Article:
Belarus shares borders with Ukraine and Russia but has been letting the Russian military send troops through its space to bring attacks from additional fronts against Ukrainian forces, U.S. officials say.
Russia Closes Its Airspace to 36 NationsRussia has closed its airspace to carriers from 36 nations, including European countries and Canada, responding in kind to their move to close their respective airspaces to all Russian aircraft.
The move, announced Monday by the state aviation agency, follows a decision by the EU and Canada over the weekend to close their skies to the Russian planes in response to Moscow’s invasion of Ukraine.
It added that planes from those countries could only enter Russia’s airspace with special permission.
UN Says Ukraine Radioactive Waste Site StruckThe United Nations’ nuclear watchdog says missiles have hit a radioactive waste disposal site in the Ukrainian capital of Kyiv, but there are no reports of damage to the buildings or indications of a release of radioactive material.
In a statement late Sunday, International Atomic Energy Agency Director General Rafael Grossi said Ukrainian authorities informed his office about the overnight strike. He said his agency expects to soon receive the results of on-site radioactive monitoring.
The report came a day after an electrical transformer at a similar disposal facility in the Ukrainian city of Kharkiv was damaged.
Such facilities typically hold low-level radioactive materials such as waste from hospitals and industry, but Grossi said the two incidents highlight a “very real risk.” He said if the sites are damaged there could be “potentially severe consequences for human health and the environment.”
New York Orders Russia Sanctions, Invites Ukrainian RefugeesNew York Gov. Kathy Hochul signed an executive order Sunday forbidding her state from doing business with Russia, including cancelling its investments there.
The governor also said New York will welcome Ukrainian refugees in response to Russia’s invasion, noting at a press conference in Albany that her state is home to the largest Ukrainian population in the United States.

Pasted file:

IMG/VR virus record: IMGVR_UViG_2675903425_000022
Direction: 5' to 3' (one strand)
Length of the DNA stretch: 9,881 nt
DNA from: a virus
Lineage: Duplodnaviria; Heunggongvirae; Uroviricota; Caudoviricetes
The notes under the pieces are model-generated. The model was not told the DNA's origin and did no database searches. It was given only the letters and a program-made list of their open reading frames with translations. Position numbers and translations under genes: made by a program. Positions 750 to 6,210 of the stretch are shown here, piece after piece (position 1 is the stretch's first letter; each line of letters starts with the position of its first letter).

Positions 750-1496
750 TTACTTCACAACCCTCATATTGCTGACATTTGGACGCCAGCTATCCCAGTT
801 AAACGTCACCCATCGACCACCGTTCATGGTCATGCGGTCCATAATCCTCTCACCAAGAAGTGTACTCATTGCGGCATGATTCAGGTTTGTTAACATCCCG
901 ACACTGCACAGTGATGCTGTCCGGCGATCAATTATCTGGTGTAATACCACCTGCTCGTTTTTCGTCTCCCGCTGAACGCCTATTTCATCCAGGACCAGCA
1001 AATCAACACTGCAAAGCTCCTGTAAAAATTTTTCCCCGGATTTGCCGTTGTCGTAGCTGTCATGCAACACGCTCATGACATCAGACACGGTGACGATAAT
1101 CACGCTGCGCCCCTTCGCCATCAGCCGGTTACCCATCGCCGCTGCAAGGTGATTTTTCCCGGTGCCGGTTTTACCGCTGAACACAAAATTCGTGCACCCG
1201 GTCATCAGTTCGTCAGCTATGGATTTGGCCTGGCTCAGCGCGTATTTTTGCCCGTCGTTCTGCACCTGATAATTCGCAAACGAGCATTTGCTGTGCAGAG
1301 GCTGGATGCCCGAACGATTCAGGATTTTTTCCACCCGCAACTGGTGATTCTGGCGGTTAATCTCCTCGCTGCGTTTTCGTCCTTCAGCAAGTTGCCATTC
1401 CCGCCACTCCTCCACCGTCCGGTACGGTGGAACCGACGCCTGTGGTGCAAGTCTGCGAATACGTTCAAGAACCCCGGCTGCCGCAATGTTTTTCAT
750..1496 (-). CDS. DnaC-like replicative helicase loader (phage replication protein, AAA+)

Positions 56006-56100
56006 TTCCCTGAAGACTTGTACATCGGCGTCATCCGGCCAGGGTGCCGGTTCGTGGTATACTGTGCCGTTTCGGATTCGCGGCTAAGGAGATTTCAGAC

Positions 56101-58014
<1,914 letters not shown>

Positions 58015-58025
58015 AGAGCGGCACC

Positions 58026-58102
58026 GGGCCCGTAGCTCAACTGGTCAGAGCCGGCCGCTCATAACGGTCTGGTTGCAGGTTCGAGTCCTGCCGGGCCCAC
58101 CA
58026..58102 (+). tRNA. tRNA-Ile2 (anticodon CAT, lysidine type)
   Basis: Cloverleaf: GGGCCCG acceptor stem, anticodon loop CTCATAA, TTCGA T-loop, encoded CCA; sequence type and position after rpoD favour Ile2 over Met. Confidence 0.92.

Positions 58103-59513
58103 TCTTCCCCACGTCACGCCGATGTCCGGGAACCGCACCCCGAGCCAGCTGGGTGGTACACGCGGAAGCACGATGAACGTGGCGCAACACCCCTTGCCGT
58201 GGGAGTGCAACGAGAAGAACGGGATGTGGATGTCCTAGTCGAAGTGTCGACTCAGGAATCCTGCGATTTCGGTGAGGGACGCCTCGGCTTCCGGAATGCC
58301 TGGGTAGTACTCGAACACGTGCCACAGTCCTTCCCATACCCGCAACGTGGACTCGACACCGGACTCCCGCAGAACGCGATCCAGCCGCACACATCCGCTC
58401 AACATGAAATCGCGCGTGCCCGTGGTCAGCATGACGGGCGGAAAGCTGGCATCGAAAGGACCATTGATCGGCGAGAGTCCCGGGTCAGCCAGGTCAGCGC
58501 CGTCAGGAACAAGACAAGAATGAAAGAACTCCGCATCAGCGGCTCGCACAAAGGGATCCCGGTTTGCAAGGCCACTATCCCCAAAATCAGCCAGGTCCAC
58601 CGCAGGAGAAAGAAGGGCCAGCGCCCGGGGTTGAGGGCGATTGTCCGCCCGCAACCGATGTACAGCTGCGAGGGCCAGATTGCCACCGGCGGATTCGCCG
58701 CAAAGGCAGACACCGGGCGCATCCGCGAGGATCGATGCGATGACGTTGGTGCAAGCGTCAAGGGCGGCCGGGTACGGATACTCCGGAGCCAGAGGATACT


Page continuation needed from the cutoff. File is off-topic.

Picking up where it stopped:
“We have said we’ll open up our hearts, our homes, our resources to the people of the Ukraine, to say, ‘We stand with you,’” Hochul said. Federal estimates show that around 140,000 of the more than 1 million people in the United States who report Ukrainian ancestry live in New York.
Hochul didn’t immediately get into specifics regarding her state’s economic sanctions against Moscow—including how much the state has invested in Russian entities—but pointed out that New York’s economy is larger than that of Russia.
South Korea Bans Exports of Strategic Items to Russia, Joins SWIFT SanctionsSouth Korea will tighten export controls against Russia by banning exports of strategic items, and join Western countries' moves to block some Russian banks from the SWIFT international payments system, Seoul's foreign ministry said on Monday.
The Korean government has also decided to promote the additional release of strategic oil reserves for stabilization of the international energy market and to further review other measures such as the resale of LNG to Europe, the ministry said in statement.
"The Korean government condemned Russia's armed invasion of Ukraine and, as a responsible member of the international community, decided to actively participate in the international community's efforts, including economic sanctions, for a peaceful resolution of the situation," the statement said.
Among the strategic items that will be controlled are supplies of electronics, semiconductors, computers, information and communications, sensors and lasers, navigation and avionics, and marine and aerospace equipment.
South Korea will boost humanitarian aid to Ukraine, the ministry added, saying its decisions have been officially notified to the U.S. government through diplomatic channels.
Facebook-Owner Meta Says Ukraine's Military, Politicians Targeted in Hacking CampaignMeta Platforms said a hacking group used Facebook to target a handful of public figures in Ukraine, including prominent military officials, politicians, and a journalist, amid Russia's ongoing invasion of the country.
Meta said in the last 48 hours it had also separately removed a network of about 40 fake accounts, groups, and pages across Facebook and Instagram that operated from Russia and Ukraine targeting people in Ukraine, for violating its rules against coordinated inauthentic behavior.
A Twitter spokesperson said it had also suspended more than a dozen accounts and blocked the sharing of several links for violating its rules against platform manipulation and spam. It said its ongoing investigation indicated the accounts originated in Russia and were attempting to disrupt the public conversation around the conflict in Ukraine.
Australia to Provide Lethal Military Equipment to UkraineAustralia will provide lethal military equipment to Ukraine to help the Ukrainians resist the Russian invasion.
The Australian government's announcement Monday gave no details on what material it may be sending. The move follows an offer on Friday of non-lethal military equipment, medical supplies, and a $3 million contribution to a NATO trust fund for support of the besieged country.
Australia has imposed sanctions on more than 350 Russian individuals, including Russian President Vladimir Putin, since Thursday.
Australia has also targeted with sanctions 13 individuals and entities in Belarus, including that country's defense minister, Viktor Khrenin. Belarus is supporting Russia in its war with Ukraine.